Amphitheater Point

Amphitheater Point is a broad turnout on the Generals Highway, 10.3 miles from the Foothills Visitor Center. From here, you can see all three of the life zones of the Sierra. Below lies the Foothill zone with its oak and brush forests. Above lies the mixed- conifer forest, home to the giant sequoias, the world's largest living things. And in the distance, you can get your first good view of the high Sierra, as the barren, rocky peaks of the Great Western Divide appear on your right. Hikes in the Foothills While snow is still melting in the Sequoia groves, the foothills are clothed in a glorious array of wildflowers. Late March through late May are especially colorful. Remember, however, that poison oak is also abundant at these elevations. In the spring and summer, this twiggy shrub has shiny green leaves in groups of three . Its berries are white. The leaves turn red in the fall; the twigs are bare in the winter but may still cause a reaction if touched. If you have any contact with poison oak, wash your skin and clothes as soon as possible. As you walk through foothill grasses, a tick may hitch a ride. Tick bites are painless, but a small percentage of ticks carry Lyme disease.

If you have been hiking in brushy or grassy areas, check yourself thoroughly when you return from your hike. If you find a tick, remove it with tweezers and seek a ranger's or doctor's advice. The foothills are also home to rattlesnakes. These and all animals in the National Park are protected. Most snake bites occur as a result of teasing or trying to handle snakes. Very few people die from rattlesnake bites, but their poison can cause severe tissue damage. Topographic maps of the foothill trails are available at the visitor center book store.

Please note that pets are not permitted on any of the trails in Sequoia and Kings Canyon National Parks. In campgrounds and picnic areas, pets must be kept on a leash at all times.

Marble Falls

To begin this 7-mile round trip hike, follow the dirt road at the upper end of Potwisha Campground. After the road crosses the flume, about 0.1 miles from the campground, look for the start of the trail up the hillside. The trail follows the contour of the chaparral-cloaked hills, gradually gaining about 2000' in elevation by the time it reaches the falls. Middle Fork Trail to Panther Creek The beginning of the Middle Fork Trail is located at the Hospital Rock picnic area. This trail travels through chaparral and oak grassland above the Middle Fork of the Kaweah River and gains about 1200' in elevation before it crosses Panther Creek. The trail stays well above the Middle Fork of the Kaweah River; steep canyon walls and vertical cliffs make it impossible to descend to the river in most places. The hike to Panther Creek is approximately 9 miles round-trip.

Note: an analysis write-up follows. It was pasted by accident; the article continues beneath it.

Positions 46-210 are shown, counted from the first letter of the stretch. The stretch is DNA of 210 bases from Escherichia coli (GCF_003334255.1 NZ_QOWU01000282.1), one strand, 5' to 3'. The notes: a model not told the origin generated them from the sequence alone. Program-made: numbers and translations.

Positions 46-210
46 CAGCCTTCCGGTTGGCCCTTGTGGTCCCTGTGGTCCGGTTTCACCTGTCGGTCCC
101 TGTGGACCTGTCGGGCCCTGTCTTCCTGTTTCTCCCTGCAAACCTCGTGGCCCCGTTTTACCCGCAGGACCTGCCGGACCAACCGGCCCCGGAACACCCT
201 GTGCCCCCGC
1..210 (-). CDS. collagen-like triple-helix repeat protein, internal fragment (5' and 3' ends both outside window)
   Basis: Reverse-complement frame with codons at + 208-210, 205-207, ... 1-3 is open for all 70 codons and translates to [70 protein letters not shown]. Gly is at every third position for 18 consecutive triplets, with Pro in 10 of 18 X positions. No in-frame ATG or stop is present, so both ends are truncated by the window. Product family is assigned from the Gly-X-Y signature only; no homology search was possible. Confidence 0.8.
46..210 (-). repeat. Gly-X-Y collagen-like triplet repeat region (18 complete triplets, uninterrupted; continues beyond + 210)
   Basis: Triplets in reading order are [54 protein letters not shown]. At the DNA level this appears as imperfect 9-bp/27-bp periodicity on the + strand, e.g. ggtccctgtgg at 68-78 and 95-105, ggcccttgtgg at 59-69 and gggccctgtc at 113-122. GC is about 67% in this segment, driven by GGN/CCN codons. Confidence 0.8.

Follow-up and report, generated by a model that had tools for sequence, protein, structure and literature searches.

Overnight camping is available at Panther Creek, and also 2 miles further up the trail at Mehrten Creek. Lady Bug Camp This 4 mile round-trip hike gains 750' as it climbs through chaparral and oak-hardwood forest to Lady Bug Camp on the South Fork of the Kaweah River. The trail begins at the upper end of South Fork Campground, on South Fork Road, 12 miles east of Highway 198 and Three Rivers. Backcountry permits are also available for this area. Because it is a south-facing trail, this is a good hike early in the season. Garfield Grove This trail also begins at South Fork Campground. It climbs rather quickly (1400' in 2 miles) through chaparral and oak-hardwood forest to Putnam Canyon. The trail from this point to Snowslide Canyon, 1 1/2 miles further on, is often impassable early in the season due to snow. Approximately 4 miles from the trailhead, the trail enters the Garfield Grove of Giant Sequoias. Backcountry permits are available for this area. North Fork Trail The trail begins at the end of North Fork Drive near the town of Three Rivers. It follows the river through chaparral and oak woodland for approximately 6 1/2 miles, climbing 1200'. It then turns away from the river and, over the next 5 miles, climbs another 2400' through oak grassland and mixed conifer forest to Hidden Springs. Colony Mill Road Although all but the first 1/2 mile is now closed to vehicles, this was part of the original road to Giant Forest. It was constructed almost entirely by hand by members of the Kaweah Colony, a community of radical socialists who hoped to cut timber in the Giant Forest area in the mid 1880's. The road begins at the end of the North Fork Road in Three Rivers and eventually joins the road to Crystal Cave.